While telephone conversations dont necessarily leave
a trail, e-mail does. Lately, with Indian companies, and more so, MNCs being
subject to regulatory compliance, enterprises know that they are now required
by law to archive all e-mail communication for a legally stipulated period of
Being able to quickly search through hundreds or thousands
of e-mail messages for a particular one is an efficient business enabler. When
youre required to find a particular mail sent eight months ago, you dont
want to have to put half your in-house IT team on the job. You want to locate
the e-mail in a few seconds, Sanghi points out.
Explains Loh, E-mail archiving solutions help organisations
leverage archived e-mail and content by providing enhanced search, audit, and
workflow processes to perform business-specific responsibilities in a simple
and efficient manner.
Having a good e-mail archival system that has well-defined
rules and retention policies based on business-value and legal compliance can
virtually eradicate the cost of legal discovery if a company was to be audited.
Archiving as an important aspect of e-mail communication should be an important
part of a companys e-mail management strategy. The strategy should define
aspects such as bookmarks, the minimum time after which messages should be archived,
rules for classification and backup, and retrieval policies.
THE TRADITIONAL WAY
Traditional archiving solutions only store e-mail data and
all relevant attachments for retrieval when needed. A basic solution such as
this is not sufficient to bring in the business efficiency required by most
Tape-based archival is grossly insufficient for e-mail
in today's business scenario. A major reason is that the frequency of
searches made to older archived mail is much more than that made to other
The influx of e-mail is exponential to the exposure
had by a corporate executive. To maintain the total information lifecycle, a
traditional archiving solution is not a safe bet, states Desai.
The indexing mechanisms of traditional archiving solutions
often dont mesh with the indexing, searching and accessing mechanisms
required by e-mail archiving.
E-mail archiving has to adhere to industry-specific regulations and policies
concerning information lifecycle management. If it doesnt, the legal implications
can be severe as Microsoft, Enron, Arthur Andersen and other companies found
out, says Sanghi.
Most organisations today use tape-based archival for the companys business
data, and e-mail. Tape-based archival requires that the archived tape media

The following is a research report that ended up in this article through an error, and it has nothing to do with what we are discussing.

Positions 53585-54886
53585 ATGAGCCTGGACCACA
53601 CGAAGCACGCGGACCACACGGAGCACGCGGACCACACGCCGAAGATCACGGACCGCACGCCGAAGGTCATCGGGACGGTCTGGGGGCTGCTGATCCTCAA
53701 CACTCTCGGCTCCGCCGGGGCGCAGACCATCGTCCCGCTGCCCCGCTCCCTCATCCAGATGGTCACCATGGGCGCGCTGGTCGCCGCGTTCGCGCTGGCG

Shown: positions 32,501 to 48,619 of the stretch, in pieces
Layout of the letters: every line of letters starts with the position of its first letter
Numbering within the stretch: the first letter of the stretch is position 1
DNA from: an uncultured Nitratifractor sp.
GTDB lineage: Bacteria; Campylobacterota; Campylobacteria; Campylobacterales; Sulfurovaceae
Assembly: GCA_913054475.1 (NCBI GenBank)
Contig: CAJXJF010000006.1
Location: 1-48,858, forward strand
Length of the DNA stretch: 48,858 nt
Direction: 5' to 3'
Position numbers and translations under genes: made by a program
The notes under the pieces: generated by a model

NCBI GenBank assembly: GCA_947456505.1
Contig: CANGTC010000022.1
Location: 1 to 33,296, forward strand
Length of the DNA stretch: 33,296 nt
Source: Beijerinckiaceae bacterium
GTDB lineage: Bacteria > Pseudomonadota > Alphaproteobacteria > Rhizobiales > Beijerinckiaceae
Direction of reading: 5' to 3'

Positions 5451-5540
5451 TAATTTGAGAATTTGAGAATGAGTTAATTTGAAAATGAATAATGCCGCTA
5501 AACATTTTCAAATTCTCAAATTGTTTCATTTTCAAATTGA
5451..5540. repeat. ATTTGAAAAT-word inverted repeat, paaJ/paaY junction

be located, mounted and then processed for recovery of data and e-mail.
However, this general approach to archival is grossly
insufficient for e-mail in todays business scenario. A major reason is
that the frequency of searches made to older archived mail is much more than
that made to other application data, explains Arun Rao, Head-Storage Solutions,
Retrieval of information from tape is a slow process which also depends
on the priorities of the IT administrator, he adds.
A typical e-mail architecture fit for business communications needs of an organisation
today includes features such as:
- Unlimited mailbox
- Faster search and recovery of e-mail messages
- Accountability as per regulations and policies to
comply with the same
- Single instance of storage for a mail addressed
to multiple recipients
- Faster backups
architecture of an e-mail archival system
architecture can have two servers. One is the original e-mail server configured
with a high performance storage system of less capacity, while the second
is the e-mail archive server configured with a high capacity, low performance
The archive server captures,
indexes, compresses, and stores all the incoming and outgoing mail. This
allows all mail to be available at the archive server.
As users access the e-mail
archival server to look up old mail, it is possible to use low performance,
low cost ATA disks configured for the archive server as against expensive
fibre channel disks. This flexibility ensures low TCO while the storage
capacity of the archive server increases.
See box: Typical architecture of an e-mail system
YOUR E-MAIL TOMORROW
E-mail, used in an organised manner, with the help of an appropriate archival
and management strategy customised for an organisation will enable businesses
to be more efficient in the near and long run. There will be challenges like
spam, and the inability of the current breed of mail applications to provide
the desired features. Despite that, this mode of business communication will
continue to be the most important means of business communication in the future.
An activity-centric approach to the workplace will help improve productivity
by giving people the right capabilities in the context of their role and the
business activity they are working on. With this approach, you can organise
collaboration around the way the work is being done, rather than around the
technologies that are being used to do the work.